2 Symptoms Of Low Or Oxidized Brake Fluid

Just like every other driver, you've regularly replaced your brake pads and rotors when your brakes began causing performance issues. However, you've failed to also flush and replace your brake fluid. The brake fluid that flows throughout your vehicle is the lifeblood of your braking system. When your brake fluid is low or oxidized, these three issues will hinder your braking performance:

Soft Brake Pedal

When you first drove your vehicle, your brake pedal could bring you to a stop with almost no pressure. However, as you continued to use your brakes over the last several months or years, you've had to apply slightly more pressure to your pedal to achieve the same stopping performance.

Although many people attribute this issue to worn brake pads or rotors (which are also capable of causing this issue), the extra pressure required to bring your vehicle to a stop will be partially caused by your aging brake fluid. Although topping off your brake fluid reservoir will partially fix your soft, squishy brake pedal, you'll need to completely flush and refill your brake system to get your pedal back to normal.

Decreased Stopping Power

When you activate your brakes, you aren't just pressing your foot down on your pedal—you're pumping your master cylinder and sending brake fluid through your brake lines and into your brake assemblies. However, this hydraulic process is even more complex than it sounds. When your master cylinder pumps brake fluid throughout your lines, it increases the pressure of the fluid.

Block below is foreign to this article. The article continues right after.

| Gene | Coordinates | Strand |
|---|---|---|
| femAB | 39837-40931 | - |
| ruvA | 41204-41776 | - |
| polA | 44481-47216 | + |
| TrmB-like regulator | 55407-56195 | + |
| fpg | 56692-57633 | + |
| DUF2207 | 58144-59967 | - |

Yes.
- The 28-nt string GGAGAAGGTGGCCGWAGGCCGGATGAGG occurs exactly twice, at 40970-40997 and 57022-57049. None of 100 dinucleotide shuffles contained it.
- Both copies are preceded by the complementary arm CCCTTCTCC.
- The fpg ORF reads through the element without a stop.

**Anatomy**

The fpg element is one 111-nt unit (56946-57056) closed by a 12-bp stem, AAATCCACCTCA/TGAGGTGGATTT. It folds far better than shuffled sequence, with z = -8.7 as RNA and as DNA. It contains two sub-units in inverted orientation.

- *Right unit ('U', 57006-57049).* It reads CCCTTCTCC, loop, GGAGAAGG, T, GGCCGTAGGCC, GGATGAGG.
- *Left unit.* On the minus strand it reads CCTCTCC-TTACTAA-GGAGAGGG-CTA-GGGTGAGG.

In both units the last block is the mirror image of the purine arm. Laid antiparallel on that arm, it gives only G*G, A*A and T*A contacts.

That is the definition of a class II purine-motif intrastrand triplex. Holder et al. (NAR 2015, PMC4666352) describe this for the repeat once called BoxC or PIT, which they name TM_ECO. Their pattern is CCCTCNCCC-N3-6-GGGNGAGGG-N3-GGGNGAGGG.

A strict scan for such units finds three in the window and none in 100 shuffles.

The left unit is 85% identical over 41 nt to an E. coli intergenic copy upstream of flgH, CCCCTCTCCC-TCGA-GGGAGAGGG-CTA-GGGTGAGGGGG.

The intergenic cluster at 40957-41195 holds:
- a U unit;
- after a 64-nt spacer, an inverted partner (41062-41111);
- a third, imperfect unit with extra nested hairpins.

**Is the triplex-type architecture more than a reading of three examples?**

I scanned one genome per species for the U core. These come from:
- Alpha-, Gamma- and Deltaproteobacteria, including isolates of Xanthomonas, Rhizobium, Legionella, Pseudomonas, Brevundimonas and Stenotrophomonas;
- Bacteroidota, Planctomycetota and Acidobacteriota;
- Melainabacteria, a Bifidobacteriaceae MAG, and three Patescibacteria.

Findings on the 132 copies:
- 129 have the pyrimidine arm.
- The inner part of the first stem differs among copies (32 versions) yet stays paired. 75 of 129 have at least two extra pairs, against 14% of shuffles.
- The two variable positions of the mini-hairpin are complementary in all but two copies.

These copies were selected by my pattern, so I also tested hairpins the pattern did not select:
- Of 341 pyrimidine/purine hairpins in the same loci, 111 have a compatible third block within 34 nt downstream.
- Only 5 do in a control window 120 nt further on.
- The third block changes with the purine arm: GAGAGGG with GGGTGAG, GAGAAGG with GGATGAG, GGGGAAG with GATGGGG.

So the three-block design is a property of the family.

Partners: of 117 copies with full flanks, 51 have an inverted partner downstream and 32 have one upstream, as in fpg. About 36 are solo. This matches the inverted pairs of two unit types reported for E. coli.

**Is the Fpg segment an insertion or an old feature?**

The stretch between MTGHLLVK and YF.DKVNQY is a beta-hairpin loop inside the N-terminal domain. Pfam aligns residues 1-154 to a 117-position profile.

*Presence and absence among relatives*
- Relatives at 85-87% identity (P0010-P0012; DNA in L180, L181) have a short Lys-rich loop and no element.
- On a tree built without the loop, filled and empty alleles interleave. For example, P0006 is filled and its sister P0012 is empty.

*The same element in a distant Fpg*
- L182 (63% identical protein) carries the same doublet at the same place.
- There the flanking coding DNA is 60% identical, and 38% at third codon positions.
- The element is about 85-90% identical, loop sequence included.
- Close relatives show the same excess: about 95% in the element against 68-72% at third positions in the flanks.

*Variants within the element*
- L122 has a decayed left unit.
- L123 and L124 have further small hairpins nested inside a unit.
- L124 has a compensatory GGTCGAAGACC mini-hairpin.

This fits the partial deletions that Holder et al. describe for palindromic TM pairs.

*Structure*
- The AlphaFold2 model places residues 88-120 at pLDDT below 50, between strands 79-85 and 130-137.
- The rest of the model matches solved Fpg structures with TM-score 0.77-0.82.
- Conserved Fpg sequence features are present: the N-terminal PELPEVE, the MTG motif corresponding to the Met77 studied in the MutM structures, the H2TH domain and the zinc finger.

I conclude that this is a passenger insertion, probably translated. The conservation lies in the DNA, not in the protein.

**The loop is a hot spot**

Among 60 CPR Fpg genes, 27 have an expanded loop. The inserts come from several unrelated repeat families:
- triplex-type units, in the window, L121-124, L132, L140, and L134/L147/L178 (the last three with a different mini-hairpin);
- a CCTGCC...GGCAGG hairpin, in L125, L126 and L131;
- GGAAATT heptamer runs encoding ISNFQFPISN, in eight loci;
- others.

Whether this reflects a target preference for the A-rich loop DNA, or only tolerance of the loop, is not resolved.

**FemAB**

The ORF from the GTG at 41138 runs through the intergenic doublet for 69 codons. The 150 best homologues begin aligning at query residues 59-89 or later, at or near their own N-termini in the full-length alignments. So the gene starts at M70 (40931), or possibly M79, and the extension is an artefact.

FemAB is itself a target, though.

If you vehicle is low on brake fluid, then your master cylinder won't fully pressurize your fluid when you press on your pedal since there's empty space in your lines or fluid reservoir. As a result, you'll have to apply more pressure to your brake pedal to slow or stop your vehicle.

If your brake fluid is oxidized, which occurs when it experiences significant temperature fluctuations or absorbs moisture in the air, then it simply cannot be compressed as well as it could when it was new. Even though your fluid reservoir may be full, the stopping power of oxidized fluid simply doesn't compare to new fluid.

How To Prevent Brake Fluid Oxidation

Although you can easily tell when your vehicle is running low on brake fluid by checking the line on your brake fluid reservoir (located along the firewall on the driver's side of your engine bay), detecting dirty or oxidized brake fluid can be an extremely difficult task.

Instead of using only the age of your fluid to determine when you need a brake fluid flush, have your brake fluid electronically tested by your local mechanic every year. If you frequently drive along mountains, tow trailers, or under other conditions that increase the wear on your brake system, then have your fluid tested every six months. By doing so, you'll be able to detect signs of wear or oxidation well before your fluid causes performance issues.

Additionally, since fluid oxidation occurs as a result of moisture contamination, make sure your brake fluid reservoir's cap is always properly sealed. If your reservoir cap is slightly loose, then air will enter your reservoir each time you pump the brake pedal. If your cap is partially damaged, missing a gasket, or unable to create an airtight seal, then head to your local auto parts store to purchase a replacement.

If you're experiencing a soft pedal or a noticeable decrease in stopping performance, then have your fluid tested and replaced if necessary. Don't wait until these symptoms begin posing a serious threat to your safety to arrange for brake service. If you do, then you'll risk being involved in a car accident that may cause permanent injury or even death.